Peg Sandeen is the Executive Director of Death with Dignity in Portland, Oregon. This story was also published in the HuffPost and can be read here.

As a society, we often speak of love in sweeping platitudes. We vaunt its gravity and devote time and money and art to studying every inch of its emotive breadth to try to reach an understanding.

Few of us, however, really talk about the mundanity at the center of love’s gravity. I met John Sandeen as a college intern in the late 1980s; we went on dates; the world became indelibly saturated, like an overexposed photograph of a summer day. For me, falling in love with him was as natural a conclusion in my life as the decision to breathe. You breathe because you can’t live without it; I married him because I couldn’t imagine a life without him.

It was a foregone conclusion that I would marry him. And by the time we got married in 1991, it was also a foregone conclusion that he would die.

John was diagnosed with HIV on Thanksgiving in 1989. He asked me to leave him then. I said no.

That decision came easily, because that’s what love does: It simplifies the most difficult decisions one faces into a monosyllable. “No.” Of course I wouldn’t leave him. Of course he would die anyway. Of course I loved him enough to stay.

In that sense, I suppose I was lucky that my mother was a hospice nurse. Death and dying were as casual as conversation topics as births and marriages, and it always loomed in the back of my mind, this awareness of our final destination. Back then — like most teenagers — I approached it with the casual detachment of someone who thought that they’d never have to face it.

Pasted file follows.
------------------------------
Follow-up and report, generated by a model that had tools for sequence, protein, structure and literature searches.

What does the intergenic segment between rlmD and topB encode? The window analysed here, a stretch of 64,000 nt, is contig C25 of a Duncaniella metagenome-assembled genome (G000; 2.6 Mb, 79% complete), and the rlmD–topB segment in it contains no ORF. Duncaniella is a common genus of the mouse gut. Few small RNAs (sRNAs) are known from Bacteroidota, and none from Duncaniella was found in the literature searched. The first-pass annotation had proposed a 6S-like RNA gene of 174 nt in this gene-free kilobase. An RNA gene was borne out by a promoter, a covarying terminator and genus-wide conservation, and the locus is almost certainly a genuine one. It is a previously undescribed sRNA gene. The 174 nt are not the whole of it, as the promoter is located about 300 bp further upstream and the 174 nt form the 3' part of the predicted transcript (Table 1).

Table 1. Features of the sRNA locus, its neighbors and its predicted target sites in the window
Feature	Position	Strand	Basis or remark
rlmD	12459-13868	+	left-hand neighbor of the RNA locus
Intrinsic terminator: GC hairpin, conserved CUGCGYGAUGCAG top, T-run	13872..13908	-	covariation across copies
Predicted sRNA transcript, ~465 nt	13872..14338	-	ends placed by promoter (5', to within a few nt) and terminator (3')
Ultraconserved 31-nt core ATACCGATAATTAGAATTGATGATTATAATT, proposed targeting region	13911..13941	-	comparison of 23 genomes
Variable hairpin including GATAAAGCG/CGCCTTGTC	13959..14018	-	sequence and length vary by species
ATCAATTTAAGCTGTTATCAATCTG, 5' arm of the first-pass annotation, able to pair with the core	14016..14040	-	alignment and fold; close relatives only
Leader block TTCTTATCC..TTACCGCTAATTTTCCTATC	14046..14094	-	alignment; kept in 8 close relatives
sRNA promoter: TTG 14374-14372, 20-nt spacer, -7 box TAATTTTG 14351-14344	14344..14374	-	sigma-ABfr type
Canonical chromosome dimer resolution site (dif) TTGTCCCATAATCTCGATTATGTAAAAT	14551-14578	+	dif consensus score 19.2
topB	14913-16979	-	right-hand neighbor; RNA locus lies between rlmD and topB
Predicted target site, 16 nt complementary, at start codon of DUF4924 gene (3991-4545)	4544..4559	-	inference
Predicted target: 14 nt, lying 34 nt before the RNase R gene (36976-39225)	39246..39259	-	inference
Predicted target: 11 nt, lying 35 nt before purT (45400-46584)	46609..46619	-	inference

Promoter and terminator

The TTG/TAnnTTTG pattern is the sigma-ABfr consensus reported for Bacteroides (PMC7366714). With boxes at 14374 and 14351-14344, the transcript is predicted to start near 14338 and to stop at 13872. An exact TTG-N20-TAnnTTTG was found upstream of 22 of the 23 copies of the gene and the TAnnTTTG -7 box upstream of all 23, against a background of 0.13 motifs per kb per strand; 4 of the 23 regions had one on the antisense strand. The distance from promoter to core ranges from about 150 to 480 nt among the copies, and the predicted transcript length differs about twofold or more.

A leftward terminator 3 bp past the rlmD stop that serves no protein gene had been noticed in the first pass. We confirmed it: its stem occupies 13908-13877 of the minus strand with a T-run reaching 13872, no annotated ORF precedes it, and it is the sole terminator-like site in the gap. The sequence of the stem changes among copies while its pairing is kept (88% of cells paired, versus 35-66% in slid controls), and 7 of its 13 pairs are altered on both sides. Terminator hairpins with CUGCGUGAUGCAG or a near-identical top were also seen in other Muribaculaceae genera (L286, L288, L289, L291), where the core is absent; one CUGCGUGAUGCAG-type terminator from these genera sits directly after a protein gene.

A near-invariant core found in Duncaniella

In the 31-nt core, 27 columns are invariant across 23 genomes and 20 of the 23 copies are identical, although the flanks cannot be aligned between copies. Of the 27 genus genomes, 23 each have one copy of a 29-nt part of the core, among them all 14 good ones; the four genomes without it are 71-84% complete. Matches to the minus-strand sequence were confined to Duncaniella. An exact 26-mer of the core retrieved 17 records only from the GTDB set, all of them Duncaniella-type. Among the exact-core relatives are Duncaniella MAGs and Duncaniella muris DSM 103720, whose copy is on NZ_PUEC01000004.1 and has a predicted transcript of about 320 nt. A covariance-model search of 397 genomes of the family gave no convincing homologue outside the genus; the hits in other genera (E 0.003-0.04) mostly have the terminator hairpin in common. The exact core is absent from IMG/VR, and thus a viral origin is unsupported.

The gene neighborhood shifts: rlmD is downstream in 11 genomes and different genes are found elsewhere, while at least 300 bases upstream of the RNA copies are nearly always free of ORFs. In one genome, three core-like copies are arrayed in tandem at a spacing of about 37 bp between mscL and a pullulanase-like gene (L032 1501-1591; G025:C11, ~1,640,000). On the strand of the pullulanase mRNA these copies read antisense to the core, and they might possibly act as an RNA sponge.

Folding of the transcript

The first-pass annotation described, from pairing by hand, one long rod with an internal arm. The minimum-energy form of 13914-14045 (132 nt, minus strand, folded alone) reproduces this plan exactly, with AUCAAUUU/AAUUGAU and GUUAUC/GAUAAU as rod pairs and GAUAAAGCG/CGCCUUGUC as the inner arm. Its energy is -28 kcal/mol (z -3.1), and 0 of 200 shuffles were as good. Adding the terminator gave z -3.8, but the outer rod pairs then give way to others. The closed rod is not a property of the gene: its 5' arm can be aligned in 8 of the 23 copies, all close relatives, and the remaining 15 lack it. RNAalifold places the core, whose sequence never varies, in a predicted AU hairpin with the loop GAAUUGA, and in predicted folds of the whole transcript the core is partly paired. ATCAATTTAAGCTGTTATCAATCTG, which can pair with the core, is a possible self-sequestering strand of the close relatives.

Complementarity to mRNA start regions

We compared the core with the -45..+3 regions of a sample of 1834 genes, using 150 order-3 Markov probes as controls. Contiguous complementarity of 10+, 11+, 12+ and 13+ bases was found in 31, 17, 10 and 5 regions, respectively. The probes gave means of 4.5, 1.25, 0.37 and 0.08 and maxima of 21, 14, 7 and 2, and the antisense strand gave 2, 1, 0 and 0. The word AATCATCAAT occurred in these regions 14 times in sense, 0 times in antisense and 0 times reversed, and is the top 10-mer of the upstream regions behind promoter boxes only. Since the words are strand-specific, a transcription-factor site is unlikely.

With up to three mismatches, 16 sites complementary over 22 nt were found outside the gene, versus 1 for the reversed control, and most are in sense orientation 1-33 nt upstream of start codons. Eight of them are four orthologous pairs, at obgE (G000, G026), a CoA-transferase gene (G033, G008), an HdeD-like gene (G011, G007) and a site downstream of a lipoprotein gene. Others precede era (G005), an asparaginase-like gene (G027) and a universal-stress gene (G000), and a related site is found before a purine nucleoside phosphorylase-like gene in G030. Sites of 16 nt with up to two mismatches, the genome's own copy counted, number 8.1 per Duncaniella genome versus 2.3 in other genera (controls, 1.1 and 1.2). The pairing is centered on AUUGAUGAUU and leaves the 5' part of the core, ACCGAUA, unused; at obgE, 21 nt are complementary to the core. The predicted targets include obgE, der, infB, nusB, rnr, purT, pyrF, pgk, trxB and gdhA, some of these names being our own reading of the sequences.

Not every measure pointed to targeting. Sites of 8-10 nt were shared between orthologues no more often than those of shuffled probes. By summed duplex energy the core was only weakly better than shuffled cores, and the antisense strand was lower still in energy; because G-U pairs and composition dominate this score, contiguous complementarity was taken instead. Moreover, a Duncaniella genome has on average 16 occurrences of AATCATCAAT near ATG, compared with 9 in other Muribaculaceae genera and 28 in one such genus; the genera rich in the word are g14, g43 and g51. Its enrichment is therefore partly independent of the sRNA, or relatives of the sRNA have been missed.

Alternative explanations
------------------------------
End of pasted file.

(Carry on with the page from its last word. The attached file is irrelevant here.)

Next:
It wasn’t until much later that I realized I was facing death the minute I met John. One of the great tragedies of this story is that HIV was already destroying his body before his diagnosis. AIDS was a death sentence back then, and it was common knowledge that everyone who received that diagnosis was dead in two years. The treatments available were barely better than refusing treatment altogether in terms of their toxicity and side effects, as well as their efficacy.

Life when caring for a dying person is surprisingly mundane, but that’s only because I had to force down the most powerful feelings I’d ever felt — rage and grief and love — for my family to function. We were a young couple with a baby, Hannah, and two of John’s sons from a previous marriage, and HIV was a part of the family.

John with our daughter, Hannah.

Each day, I would wake up, make Hannah her breakfast and attend to her child care. I would go over John’s needs with his hospice caregiver, head to work and then come home to feed Hannah. I was numb. I was in love. I was a mother, a caregiver, a widow with a husband.

One day, a hospice worker brought him a bed, and I knew I’d watch him die in it.

John would have good days — days when he was lucid — and on those days he could manage a sentence or two, maybe sit up in his bed if we were lucky. On those days, he would try to play his piano or guitar, or want to listen to music, his beloved Bach or Neil Young. I realized his core being had finally slipped away when the music stopped in our home. But he was still there physically — his breathing shallow, the lines of pain etched into his face.